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Open Hybrid LabFactory: Collaborative materials research

Open Hybrid LabFactory: Collaborative materials research

As part of a research project, thyssenkrupp Steel is working together with partners to develop hybrid materials made of steel and plastic.

Photo: tu-braunschweig

Lightweight materials construction is the order of the day – especially in the automotive industry. That’s because lightweight cars consume less fuel, which reduces CO2 emissions.

When it comes to lightweight construction, there are essentially two options: Either you improve the material to such an extent that less of it is required, or you reduce the weight of the material through hybrid design. This represents a challenge for materials research, which is why the Open Hybrid LabFactory (OHLF) in Wolfsburg, Germany, has been developing hybrid components for mass production for nearly two years. The goal is to find the optimal combination of various lightweight materials made from steel and plastic.

Research for lightweight materials construction

Manufacturers and producers need to pool their knowledge in order to produce and implement these new steel/plastic materials. Alongside thyssenkrupp, BASF, the injection molding machine manufacturer Engel, the press manufacturer Siempelkamp, the automotive supplier Magna, and Volkswagen are all represented at the OHLF. The Fraunhofer and Braunschweig University of Technology are coordinating the project, and the German Ministry for Education and Research is funding the lightweight construction campus.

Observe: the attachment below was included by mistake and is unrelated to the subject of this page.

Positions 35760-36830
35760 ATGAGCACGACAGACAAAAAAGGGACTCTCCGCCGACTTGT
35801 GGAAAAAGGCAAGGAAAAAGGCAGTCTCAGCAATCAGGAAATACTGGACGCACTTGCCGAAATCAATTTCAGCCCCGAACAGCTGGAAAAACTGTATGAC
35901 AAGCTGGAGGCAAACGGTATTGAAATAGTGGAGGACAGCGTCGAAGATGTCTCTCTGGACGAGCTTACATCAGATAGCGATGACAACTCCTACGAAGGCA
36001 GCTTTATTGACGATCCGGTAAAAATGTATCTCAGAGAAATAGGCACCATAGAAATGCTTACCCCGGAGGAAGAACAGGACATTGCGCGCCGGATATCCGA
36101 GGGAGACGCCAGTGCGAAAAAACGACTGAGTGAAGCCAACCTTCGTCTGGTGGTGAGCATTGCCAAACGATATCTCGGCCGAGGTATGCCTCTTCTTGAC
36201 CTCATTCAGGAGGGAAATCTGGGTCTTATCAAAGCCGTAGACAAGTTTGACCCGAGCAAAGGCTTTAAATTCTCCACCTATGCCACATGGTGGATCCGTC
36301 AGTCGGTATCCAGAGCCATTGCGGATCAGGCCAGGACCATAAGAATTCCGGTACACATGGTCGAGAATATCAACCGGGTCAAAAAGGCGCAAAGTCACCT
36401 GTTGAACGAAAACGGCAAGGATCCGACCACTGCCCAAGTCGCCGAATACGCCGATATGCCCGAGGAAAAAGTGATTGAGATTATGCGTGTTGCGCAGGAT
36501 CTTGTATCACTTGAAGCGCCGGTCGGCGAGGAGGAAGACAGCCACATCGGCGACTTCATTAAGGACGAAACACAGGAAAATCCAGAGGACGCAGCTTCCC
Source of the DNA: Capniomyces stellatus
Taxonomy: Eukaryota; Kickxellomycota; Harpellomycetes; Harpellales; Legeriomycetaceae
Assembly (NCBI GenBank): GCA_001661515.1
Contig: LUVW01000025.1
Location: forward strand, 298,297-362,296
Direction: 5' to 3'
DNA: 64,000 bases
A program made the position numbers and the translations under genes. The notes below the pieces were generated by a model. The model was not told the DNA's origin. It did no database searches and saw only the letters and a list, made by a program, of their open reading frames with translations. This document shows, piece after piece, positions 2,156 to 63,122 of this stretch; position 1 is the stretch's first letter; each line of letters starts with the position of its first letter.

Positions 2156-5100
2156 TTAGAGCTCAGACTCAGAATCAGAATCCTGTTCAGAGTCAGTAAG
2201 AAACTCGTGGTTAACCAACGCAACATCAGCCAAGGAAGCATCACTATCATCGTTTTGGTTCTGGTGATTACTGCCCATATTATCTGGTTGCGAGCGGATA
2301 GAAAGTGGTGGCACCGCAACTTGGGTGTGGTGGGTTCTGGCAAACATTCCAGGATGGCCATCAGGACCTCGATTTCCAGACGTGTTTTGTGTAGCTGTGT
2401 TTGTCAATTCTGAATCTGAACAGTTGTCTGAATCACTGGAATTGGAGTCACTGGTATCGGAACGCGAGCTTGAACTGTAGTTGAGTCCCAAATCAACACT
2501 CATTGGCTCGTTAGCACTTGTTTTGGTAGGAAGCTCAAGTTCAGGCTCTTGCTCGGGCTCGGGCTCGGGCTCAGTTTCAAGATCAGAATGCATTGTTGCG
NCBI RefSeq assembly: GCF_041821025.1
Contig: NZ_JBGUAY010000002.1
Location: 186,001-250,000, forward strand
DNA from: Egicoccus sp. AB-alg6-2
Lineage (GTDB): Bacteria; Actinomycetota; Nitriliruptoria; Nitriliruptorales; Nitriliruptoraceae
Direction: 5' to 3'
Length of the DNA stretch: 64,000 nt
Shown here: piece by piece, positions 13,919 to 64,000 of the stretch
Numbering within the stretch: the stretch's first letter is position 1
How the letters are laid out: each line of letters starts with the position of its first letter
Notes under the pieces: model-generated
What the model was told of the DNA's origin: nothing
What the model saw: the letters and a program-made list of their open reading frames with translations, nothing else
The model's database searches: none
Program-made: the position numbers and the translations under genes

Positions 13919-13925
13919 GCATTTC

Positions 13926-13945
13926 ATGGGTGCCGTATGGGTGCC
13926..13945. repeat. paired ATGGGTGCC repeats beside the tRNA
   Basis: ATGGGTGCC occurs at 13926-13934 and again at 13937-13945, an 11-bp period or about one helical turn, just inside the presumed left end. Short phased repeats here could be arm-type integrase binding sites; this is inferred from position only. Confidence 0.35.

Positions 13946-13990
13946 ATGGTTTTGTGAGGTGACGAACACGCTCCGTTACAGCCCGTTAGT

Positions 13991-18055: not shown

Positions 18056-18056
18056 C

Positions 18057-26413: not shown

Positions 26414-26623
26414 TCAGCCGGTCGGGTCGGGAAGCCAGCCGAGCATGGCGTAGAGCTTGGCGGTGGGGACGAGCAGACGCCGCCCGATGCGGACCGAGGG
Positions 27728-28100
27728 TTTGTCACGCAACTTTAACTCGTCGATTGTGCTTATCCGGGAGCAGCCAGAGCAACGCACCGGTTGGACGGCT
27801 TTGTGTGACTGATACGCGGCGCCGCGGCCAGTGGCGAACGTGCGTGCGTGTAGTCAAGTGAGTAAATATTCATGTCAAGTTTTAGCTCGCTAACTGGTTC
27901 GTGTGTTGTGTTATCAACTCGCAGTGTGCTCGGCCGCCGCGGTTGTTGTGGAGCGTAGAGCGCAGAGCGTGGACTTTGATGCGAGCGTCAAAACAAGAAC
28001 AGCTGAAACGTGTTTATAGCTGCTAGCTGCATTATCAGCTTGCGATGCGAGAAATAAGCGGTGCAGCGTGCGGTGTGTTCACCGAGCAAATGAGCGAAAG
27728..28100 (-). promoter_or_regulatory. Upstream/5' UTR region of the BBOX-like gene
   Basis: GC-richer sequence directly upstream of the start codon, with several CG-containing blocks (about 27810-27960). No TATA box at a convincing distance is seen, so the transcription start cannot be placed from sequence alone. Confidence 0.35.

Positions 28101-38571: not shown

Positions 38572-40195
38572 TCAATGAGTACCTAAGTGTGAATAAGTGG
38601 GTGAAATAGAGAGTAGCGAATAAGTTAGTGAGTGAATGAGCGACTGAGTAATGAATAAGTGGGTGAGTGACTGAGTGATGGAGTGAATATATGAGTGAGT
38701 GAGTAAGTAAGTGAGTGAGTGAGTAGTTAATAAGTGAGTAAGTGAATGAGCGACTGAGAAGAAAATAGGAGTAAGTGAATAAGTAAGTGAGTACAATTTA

thyssenkrupp is taking part in the development of innovative steel materials. The company is testing the performance of its predevelopment projects in Wolfsburg and preparing them for series production. “Our goal is to bring lightweight materials construction into mass production – with an extremely high level of reliability on the manufacturing line,” says Dr. Lothar Patberg, Head of the Innovation department at thyssenkrupp Steel. At the OHLF there is, for instance, a hybrid form press, which is also used for industrial manufacturing. “We also need to develop new machines and tools for hybrid design,” Patberg explains. “The OHLF should enable us to take a holistic view. That’s the only way we can reap the maximum benefits of steel/plastic design.”

Intelligently combining steel and plastic

Research is being carried out on topics such as material combinations in which a light plastic component is applied to a sturdy steel material. This creates a steel product with a coupling layer. Later on, carbon fiber reinforced plastics (CFRP) or composite materials, for instance, can be attached to this through known processes, such as injection molding or pressing. To facilitate this, the metal is subjected to special preprocessing that activates it and enables a permanent bond to be formed with the plastic. thyssenkrupp developed the technology processes required for this.

Lightweight construction represents a particularly promising method of staying within the EU-stipulated carbon dioxide emission level limits when manufacturing vehicles with combustion engines. The lightweight hybrids made of steel and plastic are particularly well suited for use in the front of the vehicle, or for dashboard crossmember support. In the future, a steel profile with injected plastic components could be manufactured in a single step and be used to integrate many different components. The Open Hybrid LabFactory in Wolfsburg is working to open up this kind of opportunity and more, so that the new lightweight materials can soon go into series production.

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